Purpose: LKB1 is a key sensor of metabolic stress, including hypoxia and glucose deprivation, two features of the tumor microenvironment exacerbated by antiangiogenic therapy. We investigated the role of LKB1 as a potential predictive marker of sensitivity to bevacizumab in advanced non-small cell lung cancer (aNSCLC).Experimental design: We retrospectively analyzed LKB1 expression by IHC in 98 samples from 125 patients with aNSCLC, including 59 patients treated with chemotherapy and 39 treated with chemotherapy plus bevacizumab. IHC intensity was recoded in two classes (negative/weak vs. moderate/intense) and correlated with outcome according to treatment arm. Patient-derived tumor xenografts (PDXs) were used to investigate mechanisms involved in preclinical models.Results: In the whole study population (125), median OS and PFS were 11.7 [95% confidence interval (CI), 9.1-15.3] and 6.7 (95% CI, 5.7-7.2) months, respectively. Differential impact of the marker on outcome of the 98 patients was highlighted according to the treatment. Patients with negative/weak LKB1 status did not have a statistically significant benefit from bevacizumab added to chemotherapy (HR for patients treated with bevacizumab: 0.89; 95% CI, 0.51-1.56; P = 0.6803), whereas patients expressing moderate/intense LKB1 and receiving bevacizumab had significant lower risk of death compared with those not receiving bevacizumab (HR, 0.26; 95% CI, 0.10-0.64; P = 0.0035). Loss of LKB1 was associated with reduced AMPK activation in PDXs and increased tumor necrosis following bevacizumab administration, highlighting impaired control of the metabolic stress caused by this antiangiogenic drug.Conclusions: Our data hint at a possible predictive impact of LKB1 expression in patients with aNSCLC treated with chemotherapy plus bevacizumab. Clin Cancer Res; 23(13); 3316-24. ©2017 AACR.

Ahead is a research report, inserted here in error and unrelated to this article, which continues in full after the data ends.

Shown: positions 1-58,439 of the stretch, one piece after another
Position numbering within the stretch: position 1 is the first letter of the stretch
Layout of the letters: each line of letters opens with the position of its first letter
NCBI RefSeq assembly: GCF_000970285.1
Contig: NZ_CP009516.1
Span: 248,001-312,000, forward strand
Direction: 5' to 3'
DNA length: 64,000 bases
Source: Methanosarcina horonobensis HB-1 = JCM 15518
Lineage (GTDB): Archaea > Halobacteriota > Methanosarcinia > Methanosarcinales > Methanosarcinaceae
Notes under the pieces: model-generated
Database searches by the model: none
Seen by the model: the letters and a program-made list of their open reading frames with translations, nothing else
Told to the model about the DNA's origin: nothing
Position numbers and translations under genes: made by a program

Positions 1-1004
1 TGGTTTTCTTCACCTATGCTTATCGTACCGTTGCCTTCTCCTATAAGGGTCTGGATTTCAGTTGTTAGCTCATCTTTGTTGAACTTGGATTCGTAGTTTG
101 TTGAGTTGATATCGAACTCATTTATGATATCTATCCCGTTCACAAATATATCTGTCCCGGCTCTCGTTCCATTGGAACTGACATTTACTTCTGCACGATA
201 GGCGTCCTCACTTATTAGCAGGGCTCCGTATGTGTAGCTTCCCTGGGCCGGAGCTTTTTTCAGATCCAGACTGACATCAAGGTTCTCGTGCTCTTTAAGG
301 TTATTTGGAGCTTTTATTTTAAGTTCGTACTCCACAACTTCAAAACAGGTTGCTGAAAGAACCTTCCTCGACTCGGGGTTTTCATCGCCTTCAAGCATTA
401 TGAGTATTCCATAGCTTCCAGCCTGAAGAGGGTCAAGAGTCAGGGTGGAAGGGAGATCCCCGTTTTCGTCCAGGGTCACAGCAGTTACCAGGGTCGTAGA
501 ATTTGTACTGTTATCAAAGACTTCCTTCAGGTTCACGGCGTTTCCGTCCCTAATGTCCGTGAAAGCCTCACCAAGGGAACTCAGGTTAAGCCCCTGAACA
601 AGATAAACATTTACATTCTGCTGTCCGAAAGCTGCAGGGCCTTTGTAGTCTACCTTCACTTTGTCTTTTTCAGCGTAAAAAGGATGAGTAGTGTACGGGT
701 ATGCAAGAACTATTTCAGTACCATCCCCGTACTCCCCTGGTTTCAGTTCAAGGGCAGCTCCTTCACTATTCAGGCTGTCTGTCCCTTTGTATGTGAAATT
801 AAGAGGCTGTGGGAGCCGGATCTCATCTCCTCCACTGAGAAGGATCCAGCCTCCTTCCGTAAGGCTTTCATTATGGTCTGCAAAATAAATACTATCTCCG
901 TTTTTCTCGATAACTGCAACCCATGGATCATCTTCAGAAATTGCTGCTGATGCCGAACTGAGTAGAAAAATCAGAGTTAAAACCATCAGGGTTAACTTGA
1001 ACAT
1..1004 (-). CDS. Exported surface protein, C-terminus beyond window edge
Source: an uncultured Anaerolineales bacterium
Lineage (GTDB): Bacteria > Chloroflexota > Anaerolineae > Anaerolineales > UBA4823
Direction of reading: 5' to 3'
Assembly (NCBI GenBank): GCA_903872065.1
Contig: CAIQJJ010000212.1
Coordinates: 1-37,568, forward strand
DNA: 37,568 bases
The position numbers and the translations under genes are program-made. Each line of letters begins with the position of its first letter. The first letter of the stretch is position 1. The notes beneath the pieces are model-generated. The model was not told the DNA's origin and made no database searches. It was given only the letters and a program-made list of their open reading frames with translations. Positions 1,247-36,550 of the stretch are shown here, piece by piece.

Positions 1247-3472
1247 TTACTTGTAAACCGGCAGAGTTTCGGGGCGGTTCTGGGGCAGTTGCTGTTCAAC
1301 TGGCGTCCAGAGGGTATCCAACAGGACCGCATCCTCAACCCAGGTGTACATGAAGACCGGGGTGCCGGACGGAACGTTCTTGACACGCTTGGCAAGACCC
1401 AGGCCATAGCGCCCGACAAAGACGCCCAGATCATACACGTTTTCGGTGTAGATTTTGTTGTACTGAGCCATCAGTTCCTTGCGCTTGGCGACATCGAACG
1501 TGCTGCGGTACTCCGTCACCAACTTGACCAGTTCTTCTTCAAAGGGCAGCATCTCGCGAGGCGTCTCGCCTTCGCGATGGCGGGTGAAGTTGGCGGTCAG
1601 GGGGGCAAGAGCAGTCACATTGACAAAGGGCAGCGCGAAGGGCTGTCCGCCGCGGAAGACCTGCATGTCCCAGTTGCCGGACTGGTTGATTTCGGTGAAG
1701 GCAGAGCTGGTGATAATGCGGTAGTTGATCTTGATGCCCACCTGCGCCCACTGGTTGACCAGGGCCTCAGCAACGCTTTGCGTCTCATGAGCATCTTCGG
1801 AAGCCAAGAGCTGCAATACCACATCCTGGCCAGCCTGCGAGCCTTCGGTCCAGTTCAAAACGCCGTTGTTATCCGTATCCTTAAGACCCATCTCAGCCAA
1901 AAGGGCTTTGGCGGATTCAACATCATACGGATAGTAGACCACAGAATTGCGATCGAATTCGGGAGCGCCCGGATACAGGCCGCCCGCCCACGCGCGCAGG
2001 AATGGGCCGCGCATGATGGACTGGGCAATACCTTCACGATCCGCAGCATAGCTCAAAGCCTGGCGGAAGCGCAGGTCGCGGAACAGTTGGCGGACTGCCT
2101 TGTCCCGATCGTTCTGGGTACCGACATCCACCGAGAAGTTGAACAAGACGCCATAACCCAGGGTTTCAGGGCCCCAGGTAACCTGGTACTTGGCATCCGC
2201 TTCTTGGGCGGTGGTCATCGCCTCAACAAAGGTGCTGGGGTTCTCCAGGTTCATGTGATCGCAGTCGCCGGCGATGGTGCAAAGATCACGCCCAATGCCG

- Journal Article